Publishing a Video Recording of the 15th Public Lecture, Culture of Using Trees – Using Cherry Trees, Playing with Cherry Trees

Recording demonstration to assemble kotsuzumi
Playing water (from the left, Mr. TŌSHA Eishin (drum), Mr. TŌSHA Yukimaru (ōtsuzumi), Mr. TŌSHA Roei, Mr. TŌSHA Rokon (kotsuzumi), and Mr. FUKUHARA Kansui (flute)
Round-table talk

 The 15th Public Lecture titled Culture of using Trees – Using Cherry Trees, Playing with Cherry Trees is being distributed on our website ( until the end of May 2022. This is the edited video recording, considering the COVID-19 pandemic situation. The report will be published in FY 2022 based on this lecture.

 Cherry blossoms are extremely popular among Japanese people and used as motifs in various performing arts. However, in this public lecture, we focused on cherry trees from the viewpoint of “the ones whose timbers and barks are used,” rather than “their blossoms which we enjoy and celebrate or play with.”

 In the beginning, Mr. KAWAJIRI Hideki of the Gifu Academy of Forest Science and Culture provided a lecture on the Current Situations and Challenges to Use Various Types of Trees including cherry trees. IMAISHI Migiwa and MAEHARA Megumi, of the department, presented reports on the Usage of trees in the folklore world – Focusing on Cherry Trees and Intangible Cultural Heritage and Cherry Trees – Use Cherry Trees and Play with Cherry Trees – respectively.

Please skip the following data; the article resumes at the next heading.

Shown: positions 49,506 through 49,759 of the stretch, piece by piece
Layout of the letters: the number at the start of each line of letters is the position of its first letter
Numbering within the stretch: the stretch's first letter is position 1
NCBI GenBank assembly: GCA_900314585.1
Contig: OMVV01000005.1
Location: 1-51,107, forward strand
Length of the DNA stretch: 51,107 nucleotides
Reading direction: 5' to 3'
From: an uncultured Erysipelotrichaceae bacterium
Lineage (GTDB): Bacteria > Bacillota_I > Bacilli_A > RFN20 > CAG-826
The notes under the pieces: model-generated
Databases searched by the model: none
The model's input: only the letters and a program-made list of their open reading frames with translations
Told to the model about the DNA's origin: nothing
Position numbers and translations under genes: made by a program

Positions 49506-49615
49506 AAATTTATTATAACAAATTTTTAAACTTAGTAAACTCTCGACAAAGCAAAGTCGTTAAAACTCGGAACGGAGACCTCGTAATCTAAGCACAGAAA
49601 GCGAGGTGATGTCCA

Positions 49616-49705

Then, focusing on kotsuzumi, whose body is made of cherry wood, an interview of Mr. TŌSHA Roei about the Charms of Kotsuzumi, a Musical Instrument, a demonstration to assemble a kotsuzumi, and the performance of Water composed by Mr. Roei were recorded. Moreover, this lecture was concluded by a round-table talk with Mr. KAWAJIRI, Mr. Roei, IMAISHI and MAEHARA. At that talk, various topics were discussed reflecting the diverse backgrounds of the participants; changes in demands on broadleaf trees including cherry wood, the current situation of forestry and necessity of “woods consisting of various type of trees,” the charms of cherry woods as musical instruments’ materials, and the importance of popularization using “authentic” musical instruments.

 Our department continues to strive to share and prepare for occasions to discuss various challenges on intangible cultural heritage and related techniques and materials.

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